Baptist church marks a milestone

Reg Friend was a pastor at the Milnerton Baptist Church from 1989 to 1992 and is the organiser for the churchs 50th anniversary.

The neighbourhood around the old Milnerton Baptist Church in Sanddrift has changed a lot in the past 50 years, and so too has the church, but one thing hasn’t changed: it remains a place of solace, peace and community support.

Rugby resident Ivy Oosthuizen was inspired to start the church in her home in 1964 after listening to a service broadcast on the radio.

Services were held there at first, and the church was formalised in 1966, but soon there wasn’t enough space for the congregation.

Under the leadership of German pastor Fritz Haus, property was secured for the church in Sanddrift in 1974.

The A-frame building that stands on the corner of Shayele and Pringle roads today is the very one the congregants built themselves all those years ago.

There have been some changes over the years, however, to accommodate the growing membership.

“The sanctuary was on its own for 10 years, and the congregation members did quite a lot of building. The rest of the building was built mid-80s. Back then, the church was situated at the end of the bus route, as I would call it, there was just nothing in this area. There was no Canal Walk,” said retired Baptist church pastor Reg Friend.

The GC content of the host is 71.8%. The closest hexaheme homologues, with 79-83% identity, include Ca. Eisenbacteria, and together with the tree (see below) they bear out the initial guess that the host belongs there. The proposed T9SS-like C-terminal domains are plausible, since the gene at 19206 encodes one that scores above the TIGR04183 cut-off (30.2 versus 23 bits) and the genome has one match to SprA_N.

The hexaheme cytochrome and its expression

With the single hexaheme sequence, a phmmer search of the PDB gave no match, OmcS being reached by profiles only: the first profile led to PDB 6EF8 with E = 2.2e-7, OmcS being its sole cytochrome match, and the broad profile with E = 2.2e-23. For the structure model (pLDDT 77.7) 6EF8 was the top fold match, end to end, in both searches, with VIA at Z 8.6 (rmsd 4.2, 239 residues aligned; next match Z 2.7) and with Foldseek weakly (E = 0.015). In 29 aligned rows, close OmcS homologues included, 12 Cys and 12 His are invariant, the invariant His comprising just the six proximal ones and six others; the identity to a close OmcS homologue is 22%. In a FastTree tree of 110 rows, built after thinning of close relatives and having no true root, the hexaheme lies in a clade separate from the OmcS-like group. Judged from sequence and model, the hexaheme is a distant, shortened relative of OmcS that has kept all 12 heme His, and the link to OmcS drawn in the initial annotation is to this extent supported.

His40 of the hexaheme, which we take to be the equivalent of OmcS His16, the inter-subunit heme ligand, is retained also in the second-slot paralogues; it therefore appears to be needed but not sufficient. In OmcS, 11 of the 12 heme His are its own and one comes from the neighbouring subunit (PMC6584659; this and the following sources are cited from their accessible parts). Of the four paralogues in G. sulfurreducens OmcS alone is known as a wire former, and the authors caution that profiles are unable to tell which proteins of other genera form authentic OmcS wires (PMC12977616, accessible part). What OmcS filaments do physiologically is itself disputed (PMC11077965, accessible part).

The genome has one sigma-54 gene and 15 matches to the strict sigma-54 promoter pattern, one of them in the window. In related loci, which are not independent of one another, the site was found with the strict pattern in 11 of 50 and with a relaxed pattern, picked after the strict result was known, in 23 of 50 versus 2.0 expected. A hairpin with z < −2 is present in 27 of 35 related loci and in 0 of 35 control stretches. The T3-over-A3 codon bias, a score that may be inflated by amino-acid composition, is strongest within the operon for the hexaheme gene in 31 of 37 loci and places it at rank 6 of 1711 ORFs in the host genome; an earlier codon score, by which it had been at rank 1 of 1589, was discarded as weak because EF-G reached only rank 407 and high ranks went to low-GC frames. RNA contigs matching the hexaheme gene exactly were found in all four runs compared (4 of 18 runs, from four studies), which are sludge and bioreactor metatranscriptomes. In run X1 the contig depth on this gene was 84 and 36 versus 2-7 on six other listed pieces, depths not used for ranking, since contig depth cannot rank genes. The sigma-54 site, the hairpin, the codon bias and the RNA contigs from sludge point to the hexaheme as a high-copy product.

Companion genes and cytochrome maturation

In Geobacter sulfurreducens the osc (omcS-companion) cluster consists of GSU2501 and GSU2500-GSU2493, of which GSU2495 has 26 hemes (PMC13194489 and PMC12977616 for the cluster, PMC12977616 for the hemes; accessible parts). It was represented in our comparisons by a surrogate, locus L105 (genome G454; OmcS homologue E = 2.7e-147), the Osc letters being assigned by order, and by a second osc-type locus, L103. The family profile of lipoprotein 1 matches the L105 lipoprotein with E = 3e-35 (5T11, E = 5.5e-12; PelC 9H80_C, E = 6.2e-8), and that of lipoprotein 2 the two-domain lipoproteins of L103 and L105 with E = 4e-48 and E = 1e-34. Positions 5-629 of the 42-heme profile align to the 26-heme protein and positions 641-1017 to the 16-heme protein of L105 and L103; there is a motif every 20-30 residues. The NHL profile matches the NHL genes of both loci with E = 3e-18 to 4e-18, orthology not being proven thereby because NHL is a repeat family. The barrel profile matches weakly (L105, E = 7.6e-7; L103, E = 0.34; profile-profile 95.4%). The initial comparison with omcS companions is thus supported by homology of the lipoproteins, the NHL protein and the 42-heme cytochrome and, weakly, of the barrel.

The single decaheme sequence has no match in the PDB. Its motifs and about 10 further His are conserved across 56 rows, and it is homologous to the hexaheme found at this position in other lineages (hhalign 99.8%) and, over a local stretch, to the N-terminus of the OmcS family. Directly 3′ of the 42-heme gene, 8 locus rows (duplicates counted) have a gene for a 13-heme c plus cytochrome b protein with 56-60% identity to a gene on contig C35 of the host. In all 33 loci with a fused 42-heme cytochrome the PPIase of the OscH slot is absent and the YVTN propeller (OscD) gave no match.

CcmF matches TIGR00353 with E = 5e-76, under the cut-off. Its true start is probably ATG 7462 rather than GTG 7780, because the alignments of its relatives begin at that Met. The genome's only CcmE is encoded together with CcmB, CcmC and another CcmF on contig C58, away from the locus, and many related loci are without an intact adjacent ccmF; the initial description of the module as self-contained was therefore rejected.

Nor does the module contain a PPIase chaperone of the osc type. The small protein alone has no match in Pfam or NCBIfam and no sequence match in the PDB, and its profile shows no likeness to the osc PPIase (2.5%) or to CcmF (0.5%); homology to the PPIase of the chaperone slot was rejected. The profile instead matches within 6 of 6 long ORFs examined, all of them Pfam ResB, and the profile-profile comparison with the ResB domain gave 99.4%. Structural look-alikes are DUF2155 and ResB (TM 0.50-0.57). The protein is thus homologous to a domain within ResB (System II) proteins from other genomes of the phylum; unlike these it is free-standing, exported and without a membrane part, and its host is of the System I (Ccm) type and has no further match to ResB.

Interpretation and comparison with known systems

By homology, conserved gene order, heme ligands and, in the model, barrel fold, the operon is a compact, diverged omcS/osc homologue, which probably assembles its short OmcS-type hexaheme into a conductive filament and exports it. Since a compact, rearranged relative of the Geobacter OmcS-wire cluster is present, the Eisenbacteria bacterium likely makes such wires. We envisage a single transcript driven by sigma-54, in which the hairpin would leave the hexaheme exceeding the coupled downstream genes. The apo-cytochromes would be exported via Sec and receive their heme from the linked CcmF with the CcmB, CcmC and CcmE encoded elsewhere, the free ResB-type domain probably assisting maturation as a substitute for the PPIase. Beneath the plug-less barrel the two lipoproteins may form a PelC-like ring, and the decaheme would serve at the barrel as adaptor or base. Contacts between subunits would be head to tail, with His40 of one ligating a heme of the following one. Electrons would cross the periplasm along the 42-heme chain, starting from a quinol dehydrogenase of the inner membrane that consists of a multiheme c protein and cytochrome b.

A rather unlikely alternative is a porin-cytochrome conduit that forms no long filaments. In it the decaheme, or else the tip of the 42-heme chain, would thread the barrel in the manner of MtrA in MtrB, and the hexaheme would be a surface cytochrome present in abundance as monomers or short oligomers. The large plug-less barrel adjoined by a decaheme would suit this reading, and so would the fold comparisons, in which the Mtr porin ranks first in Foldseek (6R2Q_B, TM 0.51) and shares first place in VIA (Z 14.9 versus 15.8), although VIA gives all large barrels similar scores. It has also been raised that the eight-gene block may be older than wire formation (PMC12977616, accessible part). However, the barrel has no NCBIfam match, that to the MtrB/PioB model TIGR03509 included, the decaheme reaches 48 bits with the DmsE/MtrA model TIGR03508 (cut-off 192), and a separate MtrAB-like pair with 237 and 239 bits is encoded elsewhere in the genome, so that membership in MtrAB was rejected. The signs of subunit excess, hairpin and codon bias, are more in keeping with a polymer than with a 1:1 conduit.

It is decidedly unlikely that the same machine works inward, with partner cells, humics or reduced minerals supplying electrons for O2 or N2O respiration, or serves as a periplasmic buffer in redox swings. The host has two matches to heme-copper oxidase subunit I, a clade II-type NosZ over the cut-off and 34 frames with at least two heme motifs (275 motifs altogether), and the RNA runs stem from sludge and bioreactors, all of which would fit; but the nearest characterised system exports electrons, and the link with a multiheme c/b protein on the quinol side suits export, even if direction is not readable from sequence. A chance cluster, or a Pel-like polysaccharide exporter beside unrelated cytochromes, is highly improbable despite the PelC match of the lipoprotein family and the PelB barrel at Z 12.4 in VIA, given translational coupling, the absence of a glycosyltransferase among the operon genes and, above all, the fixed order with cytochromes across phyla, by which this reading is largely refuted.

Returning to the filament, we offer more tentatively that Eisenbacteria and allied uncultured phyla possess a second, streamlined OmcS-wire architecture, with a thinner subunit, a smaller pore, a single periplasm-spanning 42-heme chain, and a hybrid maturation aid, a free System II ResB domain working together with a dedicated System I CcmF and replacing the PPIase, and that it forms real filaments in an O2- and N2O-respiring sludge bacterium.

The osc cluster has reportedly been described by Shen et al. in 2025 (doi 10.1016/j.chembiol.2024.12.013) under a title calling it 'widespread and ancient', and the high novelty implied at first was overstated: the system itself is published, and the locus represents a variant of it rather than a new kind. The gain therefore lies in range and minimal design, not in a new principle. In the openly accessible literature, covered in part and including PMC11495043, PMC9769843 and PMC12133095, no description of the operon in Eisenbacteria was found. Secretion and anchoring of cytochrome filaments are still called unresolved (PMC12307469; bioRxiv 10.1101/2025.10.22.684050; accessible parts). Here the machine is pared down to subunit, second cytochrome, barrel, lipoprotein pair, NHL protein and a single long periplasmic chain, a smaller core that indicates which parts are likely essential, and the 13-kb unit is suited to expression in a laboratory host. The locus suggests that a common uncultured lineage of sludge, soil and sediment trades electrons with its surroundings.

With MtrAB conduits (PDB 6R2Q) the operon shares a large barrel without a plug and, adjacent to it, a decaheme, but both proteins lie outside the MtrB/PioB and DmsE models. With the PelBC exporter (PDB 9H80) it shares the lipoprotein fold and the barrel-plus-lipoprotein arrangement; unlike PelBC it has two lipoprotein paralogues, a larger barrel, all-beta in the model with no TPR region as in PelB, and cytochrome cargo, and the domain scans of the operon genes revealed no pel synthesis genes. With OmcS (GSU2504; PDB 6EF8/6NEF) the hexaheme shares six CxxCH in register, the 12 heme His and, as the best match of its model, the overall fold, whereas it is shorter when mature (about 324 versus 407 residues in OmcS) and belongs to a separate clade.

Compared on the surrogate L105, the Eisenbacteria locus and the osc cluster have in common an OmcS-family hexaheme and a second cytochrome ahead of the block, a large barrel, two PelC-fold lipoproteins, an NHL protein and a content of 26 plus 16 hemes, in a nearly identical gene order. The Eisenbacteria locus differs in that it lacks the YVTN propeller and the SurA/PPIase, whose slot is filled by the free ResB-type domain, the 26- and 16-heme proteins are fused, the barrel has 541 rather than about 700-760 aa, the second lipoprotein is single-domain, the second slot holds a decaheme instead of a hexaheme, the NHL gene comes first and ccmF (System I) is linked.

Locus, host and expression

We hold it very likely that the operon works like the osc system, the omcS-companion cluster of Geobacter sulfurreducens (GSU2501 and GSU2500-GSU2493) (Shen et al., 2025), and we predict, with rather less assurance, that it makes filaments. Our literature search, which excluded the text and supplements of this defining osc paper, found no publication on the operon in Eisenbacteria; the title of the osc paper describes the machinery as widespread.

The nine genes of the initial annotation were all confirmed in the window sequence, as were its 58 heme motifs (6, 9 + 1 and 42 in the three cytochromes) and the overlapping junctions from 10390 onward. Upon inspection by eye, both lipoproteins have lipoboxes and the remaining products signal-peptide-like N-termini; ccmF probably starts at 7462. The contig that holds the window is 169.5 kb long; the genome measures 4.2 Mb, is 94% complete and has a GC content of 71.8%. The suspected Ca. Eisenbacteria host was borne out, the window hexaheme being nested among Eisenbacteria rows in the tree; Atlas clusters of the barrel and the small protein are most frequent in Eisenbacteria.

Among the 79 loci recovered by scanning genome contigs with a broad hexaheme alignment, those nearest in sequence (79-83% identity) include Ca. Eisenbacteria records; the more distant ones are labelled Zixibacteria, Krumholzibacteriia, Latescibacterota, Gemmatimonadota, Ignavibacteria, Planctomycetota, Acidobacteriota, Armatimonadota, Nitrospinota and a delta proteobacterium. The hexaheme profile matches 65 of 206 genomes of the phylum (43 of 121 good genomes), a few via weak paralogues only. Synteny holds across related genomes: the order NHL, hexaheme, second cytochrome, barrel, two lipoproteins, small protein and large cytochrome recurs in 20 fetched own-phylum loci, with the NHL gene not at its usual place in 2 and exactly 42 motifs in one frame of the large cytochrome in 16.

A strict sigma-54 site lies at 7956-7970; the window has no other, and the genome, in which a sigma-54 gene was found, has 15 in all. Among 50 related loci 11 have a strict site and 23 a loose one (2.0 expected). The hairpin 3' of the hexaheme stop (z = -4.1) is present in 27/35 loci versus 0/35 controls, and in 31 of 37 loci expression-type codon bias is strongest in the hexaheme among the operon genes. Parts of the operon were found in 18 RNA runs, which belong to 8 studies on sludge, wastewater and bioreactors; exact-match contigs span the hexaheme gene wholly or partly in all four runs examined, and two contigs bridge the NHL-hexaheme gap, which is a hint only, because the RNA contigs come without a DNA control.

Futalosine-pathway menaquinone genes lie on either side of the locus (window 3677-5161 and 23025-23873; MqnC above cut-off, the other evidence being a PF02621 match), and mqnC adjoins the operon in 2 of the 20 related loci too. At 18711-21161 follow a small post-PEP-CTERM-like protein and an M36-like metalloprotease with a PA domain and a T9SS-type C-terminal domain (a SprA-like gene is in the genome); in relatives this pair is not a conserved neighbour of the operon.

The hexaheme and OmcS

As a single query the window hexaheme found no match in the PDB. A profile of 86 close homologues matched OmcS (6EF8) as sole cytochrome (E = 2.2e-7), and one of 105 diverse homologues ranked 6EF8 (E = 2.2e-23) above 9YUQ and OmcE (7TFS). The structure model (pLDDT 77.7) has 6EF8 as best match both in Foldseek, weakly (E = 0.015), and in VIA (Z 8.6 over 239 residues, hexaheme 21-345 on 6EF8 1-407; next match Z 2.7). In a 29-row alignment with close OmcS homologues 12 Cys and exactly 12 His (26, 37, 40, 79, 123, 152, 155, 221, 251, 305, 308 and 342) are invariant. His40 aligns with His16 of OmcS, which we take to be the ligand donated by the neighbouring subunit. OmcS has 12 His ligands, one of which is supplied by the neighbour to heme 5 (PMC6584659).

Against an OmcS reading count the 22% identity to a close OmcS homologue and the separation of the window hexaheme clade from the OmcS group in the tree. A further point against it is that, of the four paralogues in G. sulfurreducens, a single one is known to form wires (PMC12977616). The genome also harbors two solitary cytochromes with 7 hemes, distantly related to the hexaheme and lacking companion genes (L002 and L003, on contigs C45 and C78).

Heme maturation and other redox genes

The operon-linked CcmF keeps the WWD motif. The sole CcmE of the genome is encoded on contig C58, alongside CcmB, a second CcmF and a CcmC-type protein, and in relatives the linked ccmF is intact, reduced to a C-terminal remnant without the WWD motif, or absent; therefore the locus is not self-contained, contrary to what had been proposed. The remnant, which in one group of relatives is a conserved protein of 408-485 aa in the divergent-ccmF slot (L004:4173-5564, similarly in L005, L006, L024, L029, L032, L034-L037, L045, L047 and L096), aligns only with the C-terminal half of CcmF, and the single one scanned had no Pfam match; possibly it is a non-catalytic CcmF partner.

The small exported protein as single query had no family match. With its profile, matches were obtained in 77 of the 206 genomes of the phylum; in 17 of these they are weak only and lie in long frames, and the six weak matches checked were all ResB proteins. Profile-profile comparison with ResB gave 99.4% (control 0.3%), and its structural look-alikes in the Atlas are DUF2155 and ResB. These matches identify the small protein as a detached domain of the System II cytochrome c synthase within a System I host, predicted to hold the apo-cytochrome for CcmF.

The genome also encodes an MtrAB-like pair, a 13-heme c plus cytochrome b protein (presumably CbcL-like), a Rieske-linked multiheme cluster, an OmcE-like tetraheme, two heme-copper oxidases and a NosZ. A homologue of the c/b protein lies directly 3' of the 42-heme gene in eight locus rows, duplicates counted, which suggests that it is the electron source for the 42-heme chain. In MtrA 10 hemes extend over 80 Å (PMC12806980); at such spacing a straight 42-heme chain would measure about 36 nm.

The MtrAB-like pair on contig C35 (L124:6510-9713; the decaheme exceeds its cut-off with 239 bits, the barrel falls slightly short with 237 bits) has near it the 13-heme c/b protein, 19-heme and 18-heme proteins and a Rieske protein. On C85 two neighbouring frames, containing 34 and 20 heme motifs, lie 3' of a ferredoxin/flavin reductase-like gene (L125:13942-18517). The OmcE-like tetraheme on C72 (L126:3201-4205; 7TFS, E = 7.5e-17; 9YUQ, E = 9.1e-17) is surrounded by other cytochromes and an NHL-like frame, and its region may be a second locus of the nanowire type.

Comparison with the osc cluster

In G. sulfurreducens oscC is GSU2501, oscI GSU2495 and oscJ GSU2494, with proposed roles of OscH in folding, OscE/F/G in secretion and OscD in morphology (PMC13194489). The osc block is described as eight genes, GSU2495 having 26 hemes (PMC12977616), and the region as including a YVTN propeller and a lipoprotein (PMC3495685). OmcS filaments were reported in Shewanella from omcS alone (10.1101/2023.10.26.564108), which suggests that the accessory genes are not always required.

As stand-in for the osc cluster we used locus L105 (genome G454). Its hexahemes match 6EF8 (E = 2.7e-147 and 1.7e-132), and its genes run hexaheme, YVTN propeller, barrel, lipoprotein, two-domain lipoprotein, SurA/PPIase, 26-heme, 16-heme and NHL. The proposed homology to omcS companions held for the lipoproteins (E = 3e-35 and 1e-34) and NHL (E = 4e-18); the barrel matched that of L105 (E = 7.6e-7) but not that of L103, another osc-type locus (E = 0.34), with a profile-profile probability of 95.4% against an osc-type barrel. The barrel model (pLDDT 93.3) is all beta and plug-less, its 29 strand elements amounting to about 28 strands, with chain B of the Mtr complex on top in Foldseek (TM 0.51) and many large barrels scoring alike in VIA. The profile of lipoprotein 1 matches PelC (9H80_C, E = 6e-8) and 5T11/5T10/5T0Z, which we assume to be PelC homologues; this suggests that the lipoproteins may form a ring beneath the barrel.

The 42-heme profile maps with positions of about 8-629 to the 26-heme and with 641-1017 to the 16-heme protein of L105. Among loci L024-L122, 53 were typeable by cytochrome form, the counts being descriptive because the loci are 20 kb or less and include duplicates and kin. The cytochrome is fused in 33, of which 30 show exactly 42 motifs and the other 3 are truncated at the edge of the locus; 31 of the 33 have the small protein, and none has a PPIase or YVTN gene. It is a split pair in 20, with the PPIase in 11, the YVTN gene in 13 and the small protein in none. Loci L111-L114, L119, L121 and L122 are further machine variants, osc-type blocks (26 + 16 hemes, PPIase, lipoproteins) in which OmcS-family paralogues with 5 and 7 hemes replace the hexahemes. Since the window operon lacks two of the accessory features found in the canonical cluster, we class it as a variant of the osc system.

“The church has become an integral part of the community, and on Monday and Thursday nights we have a soup kitchen open for the surrounding community members. We also have classes for those battling addiction. The building is also used by many civic organisations for their meetings.”

The church will celebrate its 50th anniversary on Sunday August 14 with two services, including a service which will be recorded in the church on Sunday August 7 and will be broadcast on SAfm on August 14, to commemorate the role radio played in its founding.

There will also be a celebratory lunch for congregants and neighbouring residents.

Retired Baptist church pastor Norman Schaefer will perform the morning service at 9.30am and Dr Paul Hartwig will deliver the evening sermon at 6.30pm.

Mr Friend said it had cost R23 000 to build the original building, which has touched the lives of people for the past 42 years. There are now plans to expand the church.

“We are thinking about enlarging the building or moving to a bigger building, because the population in the area has grown tremendously. There are 55 000 people in Century City alone. So hopefully the church will be able stand for another 50 years, if Jesus hasn’t come by then.”